Grant and Gromeier Awarded Distinguished Professorships by Duke University

By Carol Harbers

Duke University has awarded Distinguished Professorships to 44 faculty members, including Duke Neurosurgery's Gerald Grant, MD, and Matthias Gromeier, MD. The honorees were formally recognized by President Vincent Price and Interim Provost Jennifer Francis during a ceremony at the Washington Duke Inn on May 4. 

Distinguished Professorships recognize faculty scholars who are well-established members of the Duke academic community who have also achieved distinction as creative scholars in their field or in their ability to transcend disciplines.

Price noted the broad influence the awardees have had through their scholarship, by “shaping our understanding of the world, and advancing opportunities, solutions, and inventions to improve the human condition.”

Gerald Grant,MD, has been named the Allan H. Friedman Distinguished Professor of Neurosurgery. He is a neurosurgeon, scientist, and chair of the Department of Neurosurgery.

Clinically, Grant specializes in treating brain tumors, medically refractory epilepsy, Chiari malformation, and concussion. He treats pediatric patients and young adults. His research focuses on innovative ways to open the blood-brain barrier to improve the delivery of novel drugs and immunotherapy to target brain tumors.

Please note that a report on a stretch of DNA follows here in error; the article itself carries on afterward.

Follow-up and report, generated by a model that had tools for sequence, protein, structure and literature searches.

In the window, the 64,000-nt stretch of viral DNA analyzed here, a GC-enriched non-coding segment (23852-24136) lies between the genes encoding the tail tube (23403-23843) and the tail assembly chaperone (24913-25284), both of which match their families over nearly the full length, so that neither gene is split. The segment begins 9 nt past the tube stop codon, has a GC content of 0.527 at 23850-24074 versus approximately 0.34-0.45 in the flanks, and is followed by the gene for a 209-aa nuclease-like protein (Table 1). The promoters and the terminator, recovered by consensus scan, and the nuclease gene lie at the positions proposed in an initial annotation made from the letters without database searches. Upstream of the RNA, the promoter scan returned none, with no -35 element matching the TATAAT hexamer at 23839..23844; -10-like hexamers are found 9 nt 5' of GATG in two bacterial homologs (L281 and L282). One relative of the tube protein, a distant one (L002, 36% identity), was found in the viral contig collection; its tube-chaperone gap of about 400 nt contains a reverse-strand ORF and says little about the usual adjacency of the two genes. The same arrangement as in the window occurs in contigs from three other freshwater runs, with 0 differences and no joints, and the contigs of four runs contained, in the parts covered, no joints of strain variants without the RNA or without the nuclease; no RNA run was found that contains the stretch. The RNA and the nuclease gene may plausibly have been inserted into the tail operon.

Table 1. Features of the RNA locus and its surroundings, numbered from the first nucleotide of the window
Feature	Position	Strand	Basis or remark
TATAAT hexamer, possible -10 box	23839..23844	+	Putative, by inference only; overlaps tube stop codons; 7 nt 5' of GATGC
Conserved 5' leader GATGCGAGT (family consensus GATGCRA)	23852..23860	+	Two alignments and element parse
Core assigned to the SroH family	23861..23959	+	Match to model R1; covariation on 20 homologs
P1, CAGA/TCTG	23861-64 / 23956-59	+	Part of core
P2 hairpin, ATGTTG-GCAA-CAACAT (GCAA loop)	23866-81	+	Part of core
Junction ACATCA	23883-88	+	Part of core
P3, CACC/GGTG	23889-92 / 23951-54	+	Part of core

Grant is an investigator on several initiatives funded by the National Institutes of Health (NIH) relating to brain tumors, focused ultrasound, brain tumor immunotherapy, and concussion. He is an author on 332 peer-reviewed journal articles, holds several leadership positions nationally, and serves on multiple editorial boards in neurosurgery.

Matthias Gromeier, MD, a scientist in the Preston Robert Tisch Brain Tumor Center at Duke and vice chair for research in the Department of Neurosurgery, has been named the Cless Family Distinguished Professor in Neuro-Oncology.

In his lab, Gromeier is exploring the science of immune rejection of tumors, spanning from basic mechanistic research of innate immune sensing to clinical translational cancer immunotherapy. His work is supporting an ambitious clinical translational research program targeting cancers that are resistant to all current standards of care.

Gromeier developed a way to re-engineer a poliovirus (PVSRIPO) to induce a response in the human immune system to attack brain tumors. The modified poliovirus received a breakthrough therapy designation from the Food and Drug Administration, expediting research.